Lemon is an ancient citrus fruit, originally from northern India and introduced in Italy around the 10th century. The evergreen plant bears fruit three times a year. In the spring months the so-called bianchetti lemons are found on the market, i.e. those that ripen between March and May. In fact, the lemon plant flowers and bears fruit several times during the year. Depending on the harvest period, lemons are defined as primofiore (the earliest), winter, bianchetti (spring) or verdelli (summer), so called because of their greenish color.
In Italy, the lemon, if we exclude areas with special microclimatic conditions (Lazio, Puglia, Basilicata), is grown exclusively in Sicily, Calabria and Campania.The Regions that produce 6 types of IGP certified lemons are Amalfi Coast, Sorrento, Femminello del Gargano, Syracuse, Interdonato Messina Jonica and, very recently recognized, the Rocca Imperiale lemon (Calabria). Despite the Italian excellence, there are also imported foreign products on the market.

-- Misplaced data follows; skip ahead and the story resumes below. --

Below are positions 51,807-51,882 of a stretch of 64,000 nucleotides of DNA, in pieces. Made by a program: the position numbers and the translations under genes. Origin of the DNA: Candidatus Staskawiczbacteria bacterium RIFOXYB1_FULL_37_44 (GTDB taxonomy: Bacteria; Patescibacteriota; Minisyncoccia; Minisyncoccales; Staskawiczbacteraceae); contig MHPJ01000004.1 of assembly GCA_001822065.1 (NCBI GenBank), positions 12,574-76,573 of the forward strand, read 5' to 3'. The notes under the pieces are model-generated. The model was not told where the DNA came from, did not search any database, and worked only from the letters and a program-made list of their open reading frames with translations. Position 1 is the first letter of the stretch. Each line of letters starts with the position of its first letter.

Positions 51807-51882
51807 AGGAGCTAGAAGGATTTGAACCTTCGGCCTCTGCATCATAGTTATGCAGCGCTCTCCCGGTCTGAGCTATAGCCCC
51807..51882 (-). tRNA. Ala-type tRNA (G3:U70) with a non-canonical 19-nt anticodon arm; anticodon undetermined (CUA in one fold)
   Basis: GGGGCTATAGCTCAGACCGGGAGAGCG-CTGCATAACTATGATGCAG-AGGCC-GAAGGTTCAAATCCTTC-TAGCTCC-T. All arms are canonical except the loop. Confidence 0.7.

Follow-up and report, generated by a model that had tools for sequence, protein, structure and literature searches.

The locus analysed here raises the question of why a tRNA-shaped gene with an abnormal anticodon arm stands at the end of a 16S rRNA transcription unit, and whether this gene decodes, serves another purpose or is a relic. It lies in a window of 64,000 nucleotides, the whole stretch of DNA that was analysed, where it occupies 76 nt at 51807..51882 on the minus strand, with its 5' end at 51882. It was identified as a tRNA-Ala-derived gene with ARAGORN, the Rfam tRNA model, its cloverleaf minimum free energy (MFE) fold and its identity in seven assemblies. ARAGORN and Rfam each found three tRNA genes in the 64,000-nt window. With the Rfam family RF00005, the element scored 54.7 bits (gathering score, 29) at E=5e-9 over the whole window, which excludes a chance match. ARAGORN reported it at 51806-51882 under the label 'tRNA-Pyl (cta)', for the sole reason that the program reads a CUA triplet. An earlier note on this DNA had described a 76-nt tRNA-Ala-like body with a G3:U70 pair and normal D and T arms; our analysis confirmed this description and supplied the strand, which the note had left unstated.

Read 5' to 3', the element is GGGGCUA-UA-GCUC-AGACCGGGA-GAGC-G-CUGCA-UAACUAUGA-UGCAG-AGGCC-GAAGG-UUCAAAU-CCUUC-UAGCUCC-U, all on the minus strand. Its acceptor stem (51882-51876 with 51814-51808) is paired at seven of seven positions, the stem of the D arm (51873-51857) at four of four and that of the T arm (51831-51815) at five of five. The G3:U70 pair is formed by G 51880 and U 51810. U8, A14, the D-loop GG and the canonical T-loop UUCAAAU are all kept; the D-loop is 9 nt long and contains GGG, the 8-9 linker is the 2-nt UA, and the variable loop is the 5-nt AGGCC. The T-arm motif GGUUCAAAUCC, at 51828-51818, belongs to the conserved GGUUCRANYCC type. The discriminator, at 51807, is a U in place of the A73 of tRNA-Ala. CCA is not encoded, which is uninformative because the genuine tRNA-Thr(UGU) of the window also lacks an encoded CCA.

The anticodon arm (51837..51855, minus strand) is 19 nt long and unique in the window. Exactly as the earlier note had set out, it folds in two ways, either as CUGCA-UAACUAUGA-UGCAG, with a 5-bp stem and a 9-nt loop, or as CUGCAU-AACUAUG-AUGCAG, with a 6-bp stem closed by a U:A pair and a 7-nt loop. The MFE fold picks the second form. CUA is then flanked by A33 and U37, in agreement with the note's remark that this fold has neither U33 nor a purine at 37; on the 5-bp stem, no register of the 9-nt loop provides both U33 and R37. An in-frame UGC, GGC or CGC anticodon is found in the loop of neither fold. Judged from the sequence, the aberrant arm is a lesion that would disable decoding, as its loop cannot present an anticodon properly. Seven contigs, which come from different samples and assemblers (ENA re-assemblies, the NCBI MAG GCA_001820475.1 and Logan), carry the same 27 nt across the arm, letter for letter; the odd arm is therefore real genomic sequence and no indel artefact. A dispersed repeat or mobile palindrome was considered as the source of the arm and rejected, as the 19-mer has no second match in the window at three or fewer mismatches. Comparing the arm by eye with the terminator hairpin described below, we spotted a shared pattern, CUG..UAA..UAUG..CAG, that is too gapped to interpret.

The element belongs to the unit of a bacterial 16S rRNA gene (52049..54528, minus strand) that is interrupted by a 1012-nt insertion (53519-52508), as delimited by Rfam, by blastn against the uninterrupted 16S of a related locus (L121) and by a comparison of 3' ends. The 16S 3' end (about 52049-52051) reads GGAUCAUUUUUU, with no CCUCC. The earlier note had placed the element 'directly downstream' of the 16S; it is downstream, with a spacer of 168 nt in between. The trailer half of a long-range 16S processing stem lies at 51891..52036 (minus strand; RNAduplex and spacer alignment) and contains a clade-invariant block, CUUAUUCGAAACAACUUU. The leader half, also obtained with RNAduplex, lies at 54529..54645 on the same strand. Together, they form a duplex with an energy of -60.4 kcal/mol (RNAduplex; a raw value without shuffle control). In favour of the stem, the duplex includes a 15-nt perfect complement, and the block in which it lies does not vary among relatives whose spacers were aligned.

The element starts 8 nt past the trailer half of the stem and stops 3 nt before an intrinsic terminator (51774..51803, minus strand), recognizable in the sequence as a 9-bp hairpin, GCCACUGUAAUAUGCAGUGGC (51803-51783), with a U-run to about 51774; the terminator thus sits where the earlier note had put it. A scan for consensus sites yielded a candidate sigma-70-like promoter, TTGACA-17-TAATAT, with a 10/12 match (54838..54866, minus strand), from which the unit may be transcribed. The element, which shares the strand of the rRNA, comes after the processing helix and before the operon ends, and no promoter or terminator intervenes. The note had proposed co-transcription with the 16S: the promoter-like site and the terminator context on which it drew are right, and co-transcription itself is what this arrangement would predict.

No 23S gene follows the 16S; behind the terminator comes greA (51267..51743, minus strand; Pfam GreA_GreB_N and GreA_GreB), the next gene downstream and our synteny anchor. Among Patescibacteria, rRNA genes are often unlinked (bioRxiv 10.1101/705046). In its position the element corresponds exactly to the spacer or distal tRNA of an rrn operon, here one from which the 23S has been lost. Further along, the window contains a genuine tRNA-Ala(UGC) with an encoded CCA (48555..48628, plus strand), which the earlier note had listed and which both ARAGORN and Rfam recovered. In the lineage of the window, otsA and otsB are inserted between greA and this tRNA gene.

The gastronomic uses of lemon are many since both juice and zest can be exploited. Firstly, it represents one of the most used condiments for salads (together with oil and as an alternative to vinegar); secondly it is used to prepare emulsified sauces (the most typical is mayonnaise), but also to flavour meat and fish. In fact the lemon juice is used to "marinate" and soften raw meats and fish which, in the end, results white and almost cooked. Furthermore, lemons are widely used in confectionery to perfume sweet doughs, and make creams, ice creams, sorbets and jams.